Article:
Flue Lining Facts: Essential or a Costly Waste of Time?

 

Some flue lining and liner background… including a few misunderstandings!

Since around 1965 it has been law (building regulations) that a chimney should be lined in England and Wales. This is with a material impervious to flue gases and condensation such as concrete, clay or stainless steel.

This was nothing to do with stoves, it was simply to stop flue gases and moisture from eroding the masonry and leaking out of the flue structure and as most liners were 9” or above these liners usually supported open fires, not modern efficient stoves.

“I have been told that I don’t have to have a flue liner.”

If your chimney is already lined (say with clay or concrete) then legally, as long as your flue is sound then this is right. However, fitting a liner with a stove is not just about the legal question it’s as much to do with the performance and maintainability of your stove.

Say your open fire is about 10% efficient, and a stove is 80% efficient.  This is directly related to how much hot flue gases are produced. The stove by design, exhausts far less hot flue gases than an open fire. For a flue to work correctly the temperature inside the flue must be hotter than outside the flue.

If the flue lining does not get hot then you risk excessive condensation (creating creosote) and a poor draw. A flue liner sets the size of the flue ideally for the stove. Years ago we used to design and make stainless steel adapters between fireplaces with clay or concrete liners and stoves to save fitting a liner but allow the flue to be swept through the stove – they never last!  Sooner or later they will leak creosote or come adrift, they not a good solution unless there is no other choice.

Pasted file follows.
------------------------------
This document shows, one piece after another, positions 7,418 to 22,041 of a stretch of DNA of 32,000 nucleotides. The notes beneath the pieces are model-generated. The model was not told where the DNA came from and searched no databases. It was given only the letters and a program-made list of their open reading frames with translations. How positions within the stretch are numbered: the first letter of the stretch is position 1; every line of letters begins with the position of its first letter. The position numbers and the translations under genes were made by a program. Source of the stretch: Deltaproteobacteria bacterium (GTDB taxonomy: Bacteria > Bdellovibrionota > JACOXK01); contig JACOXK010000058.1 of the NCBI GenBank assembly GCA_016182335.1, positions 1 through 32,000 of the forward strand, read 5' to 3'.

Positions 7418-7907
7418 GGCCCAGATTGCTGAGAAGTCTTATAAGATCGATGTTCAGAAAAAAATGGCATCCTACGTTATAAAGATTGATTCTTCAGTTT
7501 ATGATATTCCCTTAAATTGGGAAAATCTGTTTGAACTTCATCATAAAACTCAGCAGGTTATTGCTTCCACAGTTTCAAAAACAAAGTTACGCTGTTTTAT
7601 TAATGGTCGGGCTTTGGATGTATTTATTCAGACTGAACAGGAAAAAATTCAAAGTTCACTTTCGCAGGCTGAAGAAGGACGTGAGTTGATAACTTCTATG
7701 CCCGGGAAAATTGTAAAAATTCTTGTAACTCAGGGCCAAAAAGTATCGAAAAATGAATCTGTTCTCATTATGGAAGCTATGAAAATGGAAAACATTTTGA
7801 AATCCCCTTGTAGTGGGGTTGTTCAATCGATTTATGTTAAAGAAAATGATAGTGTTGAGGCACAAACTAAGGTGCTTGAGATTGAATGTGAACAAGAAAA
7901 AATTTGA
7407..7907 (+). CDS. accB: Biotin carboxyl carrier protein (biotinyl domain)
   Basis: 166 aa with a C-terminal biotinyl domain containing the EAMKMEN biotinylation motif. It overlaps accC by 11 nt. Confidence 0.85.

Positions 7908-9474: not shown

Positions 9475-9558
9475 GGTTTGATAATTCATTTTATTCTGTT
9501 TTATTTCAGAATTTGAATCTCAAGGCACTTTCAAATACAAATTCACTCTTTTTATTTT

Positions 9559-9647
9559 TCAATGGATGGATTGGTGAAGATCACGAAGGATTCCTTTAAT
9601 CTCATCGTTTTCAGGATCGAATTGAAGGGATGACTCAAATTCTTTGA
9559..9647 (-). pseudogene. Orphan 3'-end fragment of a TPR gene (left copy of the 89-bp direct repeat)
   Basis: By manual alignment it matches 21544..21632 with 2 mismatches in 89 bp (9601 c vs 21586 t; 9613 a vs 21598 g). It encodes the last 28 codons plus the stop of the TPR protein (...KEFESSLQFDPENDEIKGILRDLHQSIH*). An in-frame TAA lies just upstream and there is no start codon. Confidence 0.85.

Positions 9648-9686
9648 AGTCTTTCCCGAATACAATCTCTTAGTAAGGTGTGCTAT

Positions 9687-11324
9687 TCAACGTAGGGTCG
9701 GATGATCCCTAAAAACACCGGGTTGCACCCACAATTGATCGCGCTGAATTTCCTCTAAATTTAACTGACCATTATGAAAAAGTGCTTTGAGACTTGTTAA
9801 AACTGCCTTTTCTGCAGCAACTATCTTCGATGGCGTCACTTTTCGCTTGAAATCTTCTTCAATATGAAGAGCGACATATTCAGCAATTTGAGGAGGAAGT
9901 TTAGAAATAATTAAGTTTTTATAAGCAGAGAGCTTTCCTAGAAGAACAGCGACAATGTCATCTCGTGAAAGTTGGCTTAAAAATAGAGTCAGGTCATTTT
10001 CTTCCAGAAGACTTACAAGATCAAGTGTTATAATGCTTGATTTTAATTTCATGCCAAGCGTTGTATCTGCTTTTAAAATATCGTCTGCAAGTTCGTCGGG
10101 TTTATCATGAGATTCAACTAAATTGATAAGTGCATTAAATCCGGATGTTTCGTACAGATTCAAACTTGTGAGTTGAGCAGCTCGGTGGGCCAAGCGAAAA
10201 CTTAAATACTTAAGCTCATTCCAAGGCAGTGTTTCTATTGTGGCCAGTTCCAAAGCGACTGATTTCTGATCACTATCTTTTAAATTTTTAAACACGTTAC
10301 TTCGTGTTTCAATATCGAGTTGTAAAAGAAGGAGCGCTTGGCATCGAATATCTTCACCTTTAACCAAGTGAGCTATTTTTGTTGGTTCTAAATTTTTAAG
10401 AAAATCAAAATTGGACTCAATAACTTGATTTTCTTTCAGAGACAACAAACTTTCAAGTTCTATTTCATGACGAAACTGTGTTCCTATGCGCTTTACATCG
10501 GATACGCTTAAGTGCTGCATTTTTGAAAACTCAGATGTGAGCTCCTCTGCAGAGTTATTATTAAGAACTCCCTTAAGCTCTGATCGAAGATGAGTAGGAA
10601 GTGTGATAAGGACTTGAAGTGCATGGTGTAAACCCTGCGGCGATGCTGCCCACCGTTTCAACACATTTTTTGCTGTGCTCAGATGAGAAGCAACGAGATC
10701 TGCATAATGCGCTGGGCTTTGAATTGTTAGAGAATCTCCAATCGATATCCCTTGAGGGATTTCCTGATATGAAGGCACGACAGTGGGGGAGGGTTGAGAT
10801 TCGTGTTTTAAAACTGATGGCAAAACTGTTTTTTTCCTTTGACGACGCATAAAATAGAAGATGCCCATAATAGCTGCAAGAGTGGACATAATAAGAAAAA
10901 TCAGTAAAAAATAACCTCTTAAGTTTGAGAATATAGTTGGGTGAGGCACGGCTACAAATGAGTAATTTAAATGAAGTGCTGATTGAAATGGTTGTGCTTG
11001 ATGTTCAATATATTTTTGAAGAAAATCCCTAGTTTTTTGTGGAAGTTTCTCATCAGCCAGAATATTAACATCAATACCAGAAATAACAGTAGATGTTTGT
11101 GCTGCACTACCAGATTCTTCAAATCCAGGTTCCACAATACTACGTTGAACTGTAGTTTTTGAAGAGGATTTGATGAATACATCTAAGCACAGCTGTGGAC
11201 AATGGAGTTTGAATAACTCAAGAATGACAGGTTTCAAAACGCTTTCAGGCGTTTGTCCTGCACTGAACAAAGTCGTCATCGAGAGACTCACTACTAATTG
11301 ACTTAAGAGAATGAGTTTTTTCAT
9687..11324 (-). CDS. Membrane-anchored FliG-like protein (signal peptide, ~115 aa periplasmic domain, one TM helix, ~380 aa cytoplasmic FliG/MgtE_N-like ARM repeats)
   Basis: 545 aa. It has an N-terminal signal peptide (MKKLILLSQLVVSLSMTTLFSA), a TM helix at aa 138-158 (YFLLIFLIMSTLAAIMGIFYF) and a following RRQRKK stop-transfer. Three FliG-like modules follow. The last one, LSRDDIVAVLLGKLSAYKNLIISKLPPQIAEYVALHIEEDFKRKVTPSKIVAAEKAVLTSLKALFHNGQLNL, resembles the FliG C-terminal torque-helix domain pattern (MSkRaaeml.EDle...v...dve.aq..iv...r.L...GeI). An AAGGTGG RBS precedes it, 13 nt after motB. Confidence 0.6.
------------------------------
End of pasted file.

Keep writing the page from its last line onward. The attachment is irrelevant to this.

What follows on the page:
If your clay liner is 9” and your stove pipe is 5” without removing the stove its not possible to sweep the flue properly. Some large old chimneys designed to pull on a large open fire can pull so hard that it is not possible to control the stove properly, a liner helps to correct this.

In the end,  the informed advice is that you are wasting your time and money buying a good stove and fitting it without a good quality liner.

Are all flexible liners the same ?

Flue liners vary in quality, material and application. How many times have we been told by a confident builder that “ I do it myself, I fit a Copex liner” – Copex is a brand name not a type and generally they are fitting the less expensive gas version to a solid fuel appliance which is dangerous!

Generally there is 316 grade and 904 grades both are classed as having two walls, smooth inside and corrugated on the outside. 316 is a good general purpose liner suitable for wood and medium to light use where as the 904 grade is better for heavy use with more coal based products.

One of the key areas which effects flue quality is the overlap of the stainless steel foil which creates the inner skin and outer skin. The cheaper brands overlap the foil less and so use less expensive stainless steel foil – the down side is that these inferior offerings leak when bent around a corner. They tend to come apart when pulling down the chimney as the crimping is less substantial.

The quality of the manufacture varies enormously, we have tried endless manufacturers over the years before arriving at our current choices not surprisingly, none of them are the cheaper “budget internet” brands.

 

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